Xiaomi seeks to expand beyond smartphones in India: Manu Kumar Jain

Manu Kumar Jain, Managing Director, Xiaomi India
Xiaomi India has launched its first flagship experience store in India, offering products sold in China but hitherto not available in India. The products this store in Chennai will offer include an electric cycle, a self-balancing scooter and an electric folding bike. The company plans to use feedback from customers on these products to understand the level of customisation required before launching some of them in India. In an interaction with Gireesh Babu, Xiaomi India's MD Manu Kumar Jain dwells on the company's retail strategy in India. Edited Excerpts:

What is the idea behind displaying products that you haven't yet launched in India?
When Xiaomi started almost eight years ago, the aim was to build an internet company. We have several internet products -- what we call ecosystem products. There are 40-50 such categories in China, such as smart shoes, smart cycles, smart scooters, smart air purifiers, smart water purifiers, and smart routers. Our aim is to make everything smart, internet-enabled and eventually run by a smartphone.

We started in India with smartphones, and have around eight to ten categories today. In smartphones, fitness band and power banks we are number one in India. In air purifiers and routers we are number one in online alone. Now we want to launch many more categories in India. We decided to display 15-20 categories in our flagship stores here. These are not for sale, but for experiencing and giving us feedback, for customisation in India. This will help us launch many more such categories here over the next two or three years. This is our way of collecting live feedback from people. 

In India, Mi is seen as a smartphone company. How are you planning to expand this definition? 

We certaily want to be known more than just a smartphone brand. We have been here for only three-and-a-half years, having started in July 2014. Within this period we have already launched 8-10 different categories. Let us build specific product teams, logistics teams, warehouse teams, aftersales service teams in India. We will eventually launch many of these products in India. Give us a few years. Let us stabilise our TV business and continue to grow our existing businesses. Eventually, we would want to enter more categories.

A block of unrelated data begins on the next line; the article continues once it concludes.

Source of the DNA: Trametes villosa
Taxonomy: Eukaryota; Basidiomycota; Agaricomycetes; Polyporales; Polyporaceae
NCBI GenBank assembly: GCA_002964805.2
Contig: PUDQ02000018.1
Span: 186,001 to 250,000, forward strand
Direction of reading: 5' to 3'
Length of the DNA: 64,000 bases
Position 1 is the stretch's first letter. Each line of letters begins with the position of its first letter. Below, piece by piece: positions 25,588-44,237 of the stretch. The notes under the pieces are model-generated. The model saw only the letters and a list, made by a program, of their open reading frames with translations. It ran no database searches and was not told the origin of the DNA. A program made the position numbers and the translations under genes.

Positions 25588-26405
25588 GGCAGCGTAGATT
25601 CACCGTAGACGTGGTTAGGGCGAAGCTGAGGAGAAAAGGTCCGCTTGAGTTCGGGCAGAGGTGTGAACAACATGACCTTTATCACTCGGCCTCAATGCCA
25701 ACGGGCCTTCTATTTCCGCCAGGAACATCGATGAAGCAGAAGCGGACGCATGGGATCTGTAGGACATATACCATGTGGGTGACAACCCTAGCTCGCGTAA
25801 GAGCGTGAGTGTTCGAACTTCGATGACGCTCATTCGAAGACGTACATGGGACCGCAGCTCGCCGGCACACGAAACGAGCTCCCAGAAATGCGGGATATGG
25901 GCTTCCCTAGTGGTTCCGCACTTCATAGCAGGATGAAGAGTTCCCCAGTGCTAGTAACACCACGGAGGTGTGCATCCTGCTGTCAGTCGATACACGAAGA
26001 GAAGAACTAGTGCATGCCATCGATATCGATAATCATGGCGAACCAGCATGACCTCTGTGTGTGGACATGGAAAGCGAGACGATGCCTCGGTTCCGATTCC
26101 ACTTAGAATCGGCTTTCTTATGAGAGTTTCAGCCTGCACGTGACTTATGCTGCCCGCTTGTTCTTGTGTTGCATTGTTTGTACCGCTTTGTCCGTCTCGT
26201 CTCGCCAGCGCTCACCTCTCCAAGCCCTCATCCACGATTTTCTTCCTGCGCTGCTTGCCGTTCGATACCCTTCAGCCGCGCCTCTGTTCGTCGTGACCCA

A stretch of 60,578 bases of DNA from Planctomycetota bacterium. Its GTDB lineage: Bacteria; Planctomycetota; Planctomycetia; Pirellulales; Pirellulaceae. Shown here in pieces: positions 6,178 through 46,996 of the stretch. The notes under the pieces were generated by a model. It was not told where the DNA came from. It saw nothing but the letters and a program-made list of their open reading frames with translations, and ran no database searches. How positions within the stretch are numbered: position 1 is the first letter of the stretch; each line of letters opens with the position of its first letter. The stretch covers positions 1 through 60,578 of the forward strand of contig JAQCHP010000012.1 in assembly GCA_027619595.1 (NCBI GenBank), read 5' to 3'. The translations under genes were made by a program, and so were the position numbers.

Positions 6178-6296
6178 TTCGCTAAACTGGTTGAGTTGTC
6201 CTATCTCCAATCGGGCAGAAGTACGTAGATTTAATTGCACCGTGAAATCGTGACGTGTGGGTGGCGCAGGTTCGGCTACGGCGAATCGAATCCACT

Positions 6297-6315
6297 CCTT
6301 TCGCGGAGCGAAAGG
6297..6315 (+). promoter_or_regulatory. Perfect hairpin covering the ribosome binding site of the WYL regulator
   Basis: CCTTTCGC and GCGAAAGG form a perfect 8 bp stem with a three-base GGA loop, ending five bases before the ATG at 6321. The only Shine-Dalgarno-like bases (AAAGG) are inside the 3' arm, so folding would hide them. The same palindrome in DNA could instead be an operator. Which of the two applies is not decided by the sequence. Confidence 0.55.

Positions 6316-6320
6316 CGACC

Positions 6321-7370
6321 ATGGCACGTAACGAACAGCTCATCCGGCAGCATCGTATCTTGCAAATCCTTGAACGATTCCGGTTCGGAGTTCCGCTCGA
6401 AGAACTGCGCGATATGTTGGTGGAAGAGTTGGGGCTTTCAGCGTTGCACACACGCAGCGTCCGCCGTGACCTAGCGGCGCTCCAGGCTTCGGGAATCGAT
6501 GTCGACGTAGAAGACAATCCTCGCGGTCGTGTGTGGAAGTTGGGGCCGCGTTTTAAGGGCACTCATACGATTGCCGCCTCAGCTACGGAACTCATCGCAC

How would your retail system evolve to include other products? What is the offline sales strategy?

We are an online company and will continue to focus on online. But we also want to build offline. Our market share in offline used to be less than 0.5 per cent, but in nine months -- from March-April 2017, to the fourth quarter ending December -- this had grown to 11 per cent. We grew almost 20-30 times in offline. We already have 2,500-Mi preffered partners in 25 big cities in India. Mi preferred partners now are smartphone specific sellers, who might not have the capacity to store or sell the bigger products like Mi TV or the smart scooter or smart cycle. Do we want to develop offline market for all these categories we launch in next few years? Yes, Of course. Would we use the same channel? We don't know. We need to evaluate this. If some of these shops are big enough and want to sell the entire portfolio, may be yes. But if the shops are small and can only cater products like smartphone, we may need to build a separate channel. It depends upon the product category. We will have to take a very informed choice for the channel selection.